The PDRRMO needs skilled people and the very experienced. It has already that in its old roster. Why fix something when it is in good working order? The successful campaign launched by Mr. Tribunalo and Mr. Cortes to inculcate the value of implementing properly RA 10121 to the LGUs is commendable. There never was a precedence (and a challenge), such as the implementation of the DRRM Law, and we are all running out of time to mitigate climate change, which is almost close to impossible.
I guess, in my own opinion, too much politics often destroy what would otherwise have been a good tradition in the making. People holding the reins of governance, along with their different streaks of character and psyche (unsavory or not), as well as their priorities and their promises to their constituents which, most of the time are just that – promises, almost always influence the outcome of running simple bureaucracies like the PDRRMO and its LGU counterparts.
I have seen many new faces brought on by the changes imposed by the newer elected officials of the towns and cities and on Capitol itself, willfully and whimsically, that put to waste the efforts put forth by the last administrations to equip their responders with valuable knowledge and hard-to-get trainings. It is indeed a waste to see these experienced and trained people go in exchange of politicians playing favorites to their backers. Except for a few ones.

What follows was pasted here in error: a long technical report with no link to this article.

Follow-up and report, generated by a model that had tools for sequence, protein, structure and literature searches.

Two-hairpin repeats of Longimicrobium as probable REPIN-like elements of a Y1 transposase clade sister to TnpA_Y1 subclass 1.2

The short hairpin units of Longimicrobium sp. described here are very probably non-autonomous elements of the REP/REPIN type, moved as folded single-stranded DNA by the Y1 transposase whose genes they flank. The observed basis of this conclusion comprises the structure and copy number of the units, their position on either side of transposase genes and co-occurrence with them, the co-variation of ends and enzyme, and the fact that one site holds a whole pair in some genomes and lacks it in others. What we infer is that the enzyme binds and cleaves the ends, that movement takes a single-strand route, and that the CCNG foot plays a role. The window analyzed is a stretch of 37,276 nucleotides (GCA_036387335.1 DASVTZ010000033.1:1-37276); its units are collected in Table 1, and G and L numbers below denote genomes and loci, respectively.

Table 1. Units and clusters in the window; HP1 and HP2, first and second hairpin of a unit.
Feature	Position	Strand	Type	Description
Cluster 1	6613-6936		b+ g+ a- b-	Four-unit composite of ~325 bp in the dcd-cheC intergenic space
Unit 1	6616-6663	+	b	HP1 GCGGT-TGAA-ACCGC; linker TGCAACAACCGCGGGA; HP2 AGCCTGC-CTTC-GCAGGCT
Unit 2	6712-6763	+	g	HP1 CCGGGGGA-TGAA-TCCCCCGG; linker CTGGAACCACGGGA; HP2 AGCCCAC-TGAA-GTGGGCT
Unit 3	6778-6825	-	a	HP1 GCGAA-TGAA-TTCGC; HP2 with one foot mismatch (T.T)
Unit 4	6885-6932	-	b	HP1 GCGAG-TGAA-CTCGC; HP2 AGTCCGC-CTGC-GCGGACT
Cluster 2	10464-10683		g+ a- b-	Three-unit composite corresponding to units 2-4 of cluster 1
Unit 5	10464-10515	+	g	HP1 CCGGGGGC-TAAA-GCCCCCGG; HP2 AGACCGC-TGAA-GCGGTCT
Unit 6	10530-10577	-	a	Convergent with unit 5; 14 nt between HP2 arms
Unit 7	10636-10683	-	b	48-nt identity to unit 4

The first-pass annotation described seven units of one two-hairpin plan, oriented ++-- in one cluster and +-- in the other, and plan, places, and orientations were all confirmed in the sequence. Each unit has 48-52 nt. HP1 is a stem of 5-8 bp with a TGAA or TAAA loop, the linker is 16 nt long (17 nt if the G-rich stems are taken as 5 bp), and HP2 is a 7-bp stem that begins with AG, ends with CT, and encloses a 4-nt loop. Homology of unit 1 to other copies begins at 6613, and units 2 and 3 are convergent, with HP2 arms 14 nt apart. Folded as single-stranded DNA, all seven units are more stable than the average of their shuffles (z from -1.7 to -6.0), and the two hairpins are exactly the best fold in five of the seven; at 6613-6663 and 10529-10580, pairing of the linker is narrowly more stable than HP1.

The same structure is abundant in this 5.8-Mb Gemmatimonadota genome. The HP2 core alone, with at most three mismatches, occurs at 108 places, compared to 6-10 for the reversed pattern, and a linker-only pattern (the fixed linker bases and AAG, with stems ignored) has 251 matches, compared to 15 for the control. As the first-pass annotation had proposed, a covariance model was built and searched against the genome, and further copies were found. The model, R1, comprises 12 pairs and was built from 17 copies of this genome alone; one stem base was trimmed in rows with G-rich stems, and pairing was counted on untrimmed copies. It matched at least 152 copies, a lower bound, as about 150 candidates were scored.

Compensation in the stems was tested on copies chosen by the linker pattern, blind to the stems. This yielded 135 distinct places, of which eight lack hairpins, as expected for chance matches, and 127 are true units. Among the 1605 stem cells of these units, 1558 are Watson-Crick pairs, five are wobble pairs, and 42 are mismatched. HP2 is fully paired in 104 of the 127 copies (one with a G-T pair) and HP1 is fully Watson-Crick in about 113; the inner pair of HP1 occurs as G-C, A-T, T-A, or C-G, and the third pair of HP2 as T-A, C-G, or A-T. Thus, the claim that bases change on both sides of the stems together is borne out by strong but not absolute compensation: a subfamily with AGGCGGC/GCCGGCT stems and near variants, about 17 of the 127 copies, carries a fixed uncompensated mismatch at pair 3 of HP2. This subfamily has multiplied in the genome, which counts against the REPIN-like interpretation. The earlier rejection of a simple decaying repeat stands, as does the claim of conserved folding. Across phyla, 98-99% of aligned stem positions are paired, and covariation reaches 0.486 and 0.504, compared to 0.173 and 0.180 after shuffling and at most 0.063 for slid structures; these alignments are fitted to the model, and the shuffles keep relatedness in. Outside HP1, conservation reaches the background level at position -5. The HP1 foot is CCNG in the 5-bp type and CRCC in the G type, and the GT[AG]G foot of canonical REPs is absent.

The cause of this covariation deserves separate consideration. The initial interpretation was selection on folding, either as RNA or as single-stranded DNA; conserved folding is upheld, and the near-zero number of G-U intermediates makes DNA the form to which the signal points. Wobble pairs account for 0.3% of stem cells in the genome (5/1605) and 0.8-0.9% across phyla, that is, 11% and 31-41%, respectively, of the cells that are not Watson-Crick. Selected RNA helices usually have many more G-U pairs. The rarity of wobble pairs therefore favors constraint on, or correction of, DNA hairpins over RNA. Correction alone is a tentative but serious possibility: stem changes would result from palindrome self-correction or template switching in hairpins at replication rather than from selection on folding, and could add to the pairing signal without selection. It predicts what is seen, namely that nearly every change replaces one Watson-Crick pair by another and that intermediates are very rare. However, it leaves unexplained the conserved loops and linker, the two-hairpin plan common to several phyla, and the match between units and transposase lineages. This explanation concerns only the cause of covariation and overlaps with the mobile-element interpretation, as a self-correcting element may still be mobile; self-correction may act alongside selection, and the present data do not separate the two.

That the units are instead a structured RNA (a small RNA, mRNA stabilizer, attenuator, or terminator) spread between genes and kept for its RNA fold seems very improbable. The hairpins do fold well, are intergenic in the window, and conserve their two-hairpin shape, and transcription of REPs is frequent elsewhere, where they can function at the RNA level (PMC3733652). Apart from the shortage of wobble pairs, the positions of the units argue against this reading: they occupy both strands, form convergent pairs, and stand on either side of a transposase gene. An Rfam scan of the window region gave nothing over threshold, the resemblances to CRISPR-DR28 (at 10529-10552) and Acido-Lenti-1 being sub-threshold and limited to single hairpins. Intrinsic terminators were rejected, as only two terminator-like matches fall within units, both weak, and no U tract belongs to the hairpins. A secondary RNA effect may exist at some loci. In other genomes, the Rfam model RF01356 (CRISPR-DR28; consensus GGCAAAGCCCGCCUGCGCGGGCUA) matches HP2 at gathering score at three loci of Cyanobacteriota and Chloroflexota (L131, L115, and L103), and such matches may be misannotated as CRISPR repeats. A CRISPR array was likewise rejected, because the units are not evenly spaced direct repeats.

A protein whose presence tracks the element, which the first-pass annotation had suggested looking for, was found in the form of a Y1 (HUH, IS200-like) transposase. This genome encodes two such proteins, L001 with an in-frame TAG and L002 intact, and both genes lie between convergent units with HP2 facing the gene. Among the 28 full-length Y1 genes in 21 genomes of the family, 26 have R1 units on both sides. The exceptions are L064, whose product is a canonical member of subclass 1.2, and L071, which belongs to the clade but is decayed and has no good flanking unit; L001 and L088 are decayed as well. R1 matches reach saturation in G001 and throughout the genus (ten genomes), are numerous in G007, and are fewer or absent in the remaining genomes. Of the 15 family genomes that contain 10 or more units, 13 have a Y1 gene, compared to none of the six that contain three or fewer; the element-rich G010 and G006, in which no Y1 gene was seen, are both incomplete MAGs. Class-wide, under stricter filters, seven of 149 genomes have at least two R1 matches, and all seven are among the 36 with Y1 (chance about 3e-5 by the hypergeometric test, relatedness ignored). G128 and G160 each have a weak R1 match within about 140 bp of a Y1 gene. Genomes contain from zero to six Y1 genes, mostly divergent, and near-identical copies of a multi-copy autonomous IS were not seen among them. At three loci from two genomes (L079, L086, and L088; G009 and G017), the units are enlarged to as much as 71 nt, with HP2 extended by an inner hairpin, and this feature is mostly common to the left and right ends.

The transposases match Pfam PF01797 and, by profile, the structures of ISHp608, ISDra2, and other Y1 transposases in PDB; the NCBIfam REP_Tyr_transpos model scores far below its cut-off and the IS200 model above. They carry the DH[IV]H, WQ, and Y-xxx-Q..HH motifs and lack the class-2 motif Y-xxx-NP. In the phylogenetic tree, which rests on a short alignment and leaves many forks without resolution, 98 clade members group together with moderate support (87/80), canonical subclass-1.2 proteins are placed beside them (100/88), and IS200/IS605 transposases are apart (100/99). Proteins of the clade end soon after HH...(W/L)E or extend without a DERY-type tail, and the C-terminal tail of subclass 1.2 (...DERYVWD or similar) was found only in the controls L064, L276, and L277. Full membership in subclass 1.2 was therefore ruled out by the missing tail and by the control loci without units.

The first of the LGUs that I have trained in wilderness survival, the Municipality of Liloan, have gone a long way since, from being upstarts last year to become one of the top-tier DRRMO of the province. I did not even recognize them were it not for their attractive rescue uniforms bearing the name of Liloan. If their morale was that high, it is because their municipality fully supported them in terms of logistics and trainings and implementing faithfully RA 10121. Surely, there were no ugly politics poking in their office.
Team-building activities and meals took the whole of the first day until dusk came, accompanied by rain. Then it was time for my Camp Red Bushcraft and Survival Guild to present a show. We were tasked to light a bonfire from a flame made by friction and it came at a worst time: it was already night and everything was wet. I assigned two teams for this task. One on pieces of bamboo and the other on bowdrill. We succeeded in making a small fire from friction but burning wet wood was difficult until a bonfire did succeed.
The second day – September 17 – was devoted for the drafting of a protocol for response and another for communications. It was for this reason that top guys from amateur radio clubs like Randy Pancito of Cebu Amateur Radio League and Jet Manuel of Ham Radio Cebu were invited along with civic radio clubs ACER and REACT-Metro Cebu. The amateur clubs have the expertise and the technical know-how to propagate signals in extreme conditions and would be willing to extend trainings at no cost to the LGUs.